THESE TWO IMPORTED RIMFIRE LEVERGUNS
ARE QUITE SUITABLE FOR SMALL GAME, VARMINTS AND PLINKING.
Who could’ve ever looked in the future at the time the first successful leverguns and sixguns appeared in the 19th century and seen they would be running side-by-side with plastic polymer, high-capacity, semi-automatics as the most popular and most used firearms available?
gun, the Smith & Wesson .22 tip-up 7-shooter, goes back to 1857 and it was joined by the first Winchester levergun three years later. The .22 is probably our most popular cartridge and is currently chambered in just about everything considered a modern firearm as well as replicas of old original firearms.
The latest leverguns from Uberti take us all the way back to the days of the 1860 Henry and the 1866 Yellow Boy. They are the Silverboys offered in both .22 Long Rifle and .22 Magnum.
Both of these new leverguns are virtually identical except for the chamber marking inscribed on the top of the barrel in front of the receiver. Both versions have post front sights set in a dovetail, however, the rear sights are different, as the one found on the .22 Magnum can be adjusted for elevation using the notches usually found on levergun rear sights. However, the rear sight on the .22 Long Rifle Silverboy is just a simple, notched sight set in a dovetail.
Even though the .22 Magnum may have an adjustable rear sight, I could not get it to adjust enough when the rear sight was bottomed out. With my hold, and my ammo the rifle still shot 10 inches high at 50 yards. On the other hand, the nonadjustable .22 Long Rifle version was close enough at 40 yards, to still be useful.
John found the short stroke of the Uberti Silverboys to make for a quick-handling rimfire.
The only difference externally between the .22 Long Rifle (top) and .22 WMR Silverboy is the
rear sight is fixed on the .22 LR and the WMR has a rear sight with an elevator. Note the
loading is accomplished on the right side of the mag tube rather than the traditional
Firing at 40 yards with the .22 Long Rifle version, my best groups were right at 1-1/2 inches with Winchester’s bulk pack “525” ammunition, while Winchester’s Power Points did just barely over 1-inch at 50 yards with a scope in place (these were 9-shot groups). Both of these rifles were drilled and tapped for scope mount bases. However, I could not get anything out of Benelli—the importer—so I had my gunsmith Tom at Buckhorn make me a base. I used it first on the .22 Magnum since it was not usable with iron sights and then switched it over to the .22 Long Rifle Silverboy. In both cases I simply borrowed a scope from another .22 rifle I had on hand.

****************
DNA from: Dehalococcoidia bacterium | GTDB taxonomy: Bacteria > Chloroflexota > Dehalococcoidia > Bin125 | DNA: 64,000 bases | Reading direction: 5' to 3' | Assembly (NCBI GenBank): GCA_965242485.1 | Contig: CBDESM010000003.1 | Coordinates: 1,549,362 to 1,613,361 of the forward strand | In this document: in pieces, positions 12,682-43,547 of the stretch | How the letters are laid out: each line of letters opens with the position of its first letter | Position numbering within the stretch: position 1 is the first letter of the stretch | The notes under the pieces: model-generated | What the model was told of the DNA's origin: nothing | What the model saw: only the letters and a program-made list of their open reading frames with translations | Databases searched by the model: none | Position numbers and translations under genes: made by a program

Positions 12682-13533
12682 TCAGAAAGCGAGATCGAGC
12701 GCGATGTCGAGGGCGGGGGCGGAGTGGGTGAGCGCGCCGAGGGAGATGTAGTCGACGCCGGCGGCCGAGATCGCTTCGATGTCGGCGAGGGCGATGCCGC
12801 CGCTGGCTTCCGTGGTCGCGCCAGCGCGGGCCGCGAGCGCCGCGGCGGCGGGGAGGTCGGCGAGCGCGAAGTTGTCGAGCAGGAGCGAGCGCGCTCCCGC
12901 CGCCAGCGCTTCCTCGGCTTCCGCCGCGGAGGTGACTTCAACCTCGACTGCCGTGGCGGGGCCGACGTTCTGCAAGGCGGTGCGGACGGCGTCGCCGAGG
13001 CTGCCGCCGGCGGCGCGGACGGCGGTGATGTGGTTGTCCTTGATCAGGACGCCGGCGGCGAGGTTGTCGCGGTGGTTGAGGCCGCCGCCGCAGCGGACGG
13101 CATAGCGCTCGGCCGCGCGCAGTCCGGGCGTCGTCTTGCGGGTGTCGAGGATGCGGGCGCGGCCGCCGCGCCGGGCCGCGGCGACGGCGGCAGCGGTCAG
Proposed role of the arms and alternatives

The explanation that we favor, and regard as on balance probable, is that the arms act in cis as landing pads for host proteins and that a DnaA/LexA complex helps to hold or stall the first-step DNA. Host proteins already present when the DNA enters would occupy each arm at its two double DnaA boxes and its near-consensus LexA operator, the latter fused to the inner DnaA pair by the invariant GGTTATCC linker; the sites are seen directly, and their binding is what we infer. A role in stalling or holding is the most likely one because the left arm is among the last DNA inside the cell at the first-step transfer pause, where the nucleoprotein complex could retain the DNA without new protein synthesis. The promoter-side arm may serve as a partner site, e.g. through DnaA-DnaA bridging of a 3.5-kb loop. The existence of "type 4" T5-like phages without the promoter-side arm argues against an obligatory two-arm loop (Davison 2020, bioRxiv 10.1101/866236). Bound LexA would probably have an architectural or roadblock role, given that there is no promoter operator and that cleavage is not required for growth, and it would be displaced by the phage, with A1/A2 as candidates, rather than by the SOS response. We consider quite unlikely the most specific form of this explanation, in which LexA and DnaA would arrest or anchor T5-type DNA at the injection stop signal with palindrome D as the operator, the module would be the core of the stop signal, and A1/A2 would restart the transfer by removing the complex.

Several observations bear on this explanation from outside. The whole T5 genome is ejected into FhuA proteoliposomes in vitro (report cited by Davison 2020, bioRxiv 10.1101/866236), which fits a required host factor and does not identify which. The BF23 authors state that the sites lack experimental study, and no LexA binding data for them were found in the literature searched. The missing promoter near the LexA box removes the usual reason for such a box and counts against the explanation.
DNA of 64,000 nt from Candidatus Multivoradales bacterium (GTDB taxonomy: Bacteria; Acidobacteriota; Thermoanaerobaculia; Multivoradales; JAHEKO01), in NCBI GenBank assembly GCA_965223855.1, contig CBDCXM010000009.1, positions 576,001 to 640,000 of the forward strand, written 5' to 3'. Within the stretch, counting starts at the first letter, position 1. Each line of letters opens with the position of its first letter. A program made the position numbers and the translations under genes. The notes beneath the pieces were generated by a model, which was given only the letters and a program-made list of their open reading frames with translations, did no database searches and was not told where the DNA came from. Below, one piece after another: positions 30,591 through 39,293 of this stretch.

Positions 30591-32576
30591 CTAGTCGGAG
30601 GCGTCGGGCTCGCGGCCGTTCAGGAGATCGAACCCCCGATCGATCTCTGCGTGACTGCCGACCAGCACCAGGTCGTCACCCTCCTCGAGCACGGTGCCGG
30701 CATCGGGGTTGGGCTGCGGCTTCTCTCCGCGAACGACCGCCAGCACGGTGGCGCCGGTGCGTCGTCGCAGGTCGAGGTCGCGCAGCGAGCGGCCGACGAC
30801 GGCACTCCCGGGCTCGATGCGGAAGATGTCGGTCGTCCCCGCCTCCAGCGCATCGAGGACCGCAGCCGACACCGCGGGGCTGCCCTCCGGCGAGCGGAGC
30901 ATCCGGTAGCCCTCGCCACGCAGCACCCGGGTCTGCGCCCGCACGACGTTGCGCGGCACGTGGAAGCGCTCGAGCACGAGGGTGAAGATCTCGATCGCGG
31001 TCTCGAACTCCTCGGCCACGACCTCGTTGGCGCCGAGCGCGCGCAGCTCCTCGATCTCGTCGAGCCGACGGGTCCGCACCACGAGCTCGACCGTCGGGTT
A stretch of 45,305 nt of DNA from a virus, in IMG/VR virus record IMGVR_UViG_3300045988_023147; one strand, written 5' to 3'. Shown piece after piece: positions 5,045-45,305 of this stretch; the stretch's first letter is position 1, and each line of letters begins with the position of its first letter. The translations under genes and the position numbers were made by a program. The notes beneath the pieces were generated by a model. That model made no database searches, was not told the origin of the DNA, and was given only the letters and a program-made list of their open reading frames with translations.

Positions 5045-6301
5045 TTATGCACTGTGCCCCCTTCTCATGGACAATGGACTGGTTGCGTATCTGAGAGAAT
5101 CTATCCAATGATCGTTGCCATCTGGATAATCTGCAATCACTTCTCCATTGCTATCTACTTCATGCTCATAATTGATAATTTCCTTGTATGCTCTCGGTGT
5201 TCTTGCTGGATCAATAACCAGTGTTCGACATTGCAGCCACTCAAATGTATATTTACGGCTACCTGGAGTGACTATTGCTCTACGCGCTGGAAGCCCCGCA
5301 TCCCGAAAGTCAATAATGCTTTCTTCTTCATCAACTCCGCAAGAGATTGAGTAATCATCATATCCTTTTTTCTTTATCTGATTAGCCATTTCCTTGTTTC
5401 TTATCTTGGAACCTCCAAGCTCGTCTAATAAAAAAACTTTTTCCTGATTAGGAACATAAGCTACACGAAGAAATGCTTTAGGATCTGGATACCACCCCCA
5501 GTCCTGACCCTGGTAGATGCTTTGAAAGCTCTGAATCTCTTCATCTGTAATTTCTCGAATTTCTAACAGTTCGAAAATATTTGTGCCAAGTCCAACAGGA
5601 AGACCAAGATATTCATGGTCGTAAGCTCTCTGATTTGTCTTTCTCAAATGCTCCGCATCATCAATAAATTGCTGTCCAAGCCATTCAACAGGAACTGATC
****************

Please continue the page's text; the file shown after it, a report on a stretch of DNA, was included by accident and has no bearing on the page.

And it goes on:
I was a little more frugal with my .22 Magnum ammunition since this is so hard to come by and rarely seen on dealer shelves these days. Three-shot groups were fired at 50 yards with two examples from CCI, the Maxi-Mag and Maxi-Mag HP coming in at 3/4 inch, while Winchester’s JHP and Super-X JHPs both grouped in just over 1/2 inch. This rifle is certainly accurate enough for varmint and small game hunting. It did not like the CCI super velocity Maxi-Mag +Vs nearly as well and its groups were well over 2 inches.
Both of these .22’s have chrome-plated alloy receivers and barrel bands with the balance of the metal parts being blued. Wood-to-metal fit is generally good with a slight overrun of wood on the buttstock where it meets the receiver. Too much is easily fixed, too little is a problem. The lever-action stroke to remove a fired case and chamber a new cartridge is relatively short. Both Silverboys feature controlled-round feeding which allows the rifle being fired from various angles. Trigger pulls feel very good with the .22 Long Rifle version measuring 6 pounds while the Magnum comes in at 3-1/2 pounds.
Targets fired at 50 yards with a scope-sighted .22 Long Rifle
Silverboy show it quite capable of taking small game.
Targets fired at 50 yards with a scope-sighted .22 Magnum Silverboy
show it, too, would be a good choice for small game and varmints.
Every .22 levergun I’ve ever seen features a magazine tube which is accessed by pulling a plunger forward until a silhouette cutout of a cartridge is exposed on the bottom of the tube. Cartridges are then loaded through this opening and dropped down the tube. Uberti has rotated the cut-out 90-degrees counterclockwise so this silhouette cut-out is now on the side— a very minor operation, which makes loading much easier.
Both Silverboys weigh in at 5.8 pounds with 19-inch barrels. They are light enough for easy carrying while at the same time being solid enough to give a big levergun feel. They should both serve for small game and varmints at suitable distances while the .22 Magnum can certainly be used for medium-size predators. Of course, both excel at the wonderful sport of plinking.
By John Taffin
Maker & Importer: Uberti, USA
17603 Indian Head Hwy
Accokeek, MD 20607
Action Type: Lever action
Caliber: .22 LR or .22 WMR
Capacity: 14 +1 (.22 LR), 10+1 (.22 WMR)
Barrel Length: 19 inches
Overall Length: 37 inches
Weight: 5.8 pounds
Finish: Chrome plated receiver, blued barrel
Sights (.22 LR): Fixed, adjustable for windage, receiver drilled and tapped for scope
Sights (.22 WMR): Rear adjustable for windage & elevation, receiver drilled and tapped for scope
Stock: Walnut, Price: $589 (.22 LR), $599 (.22 WMR)
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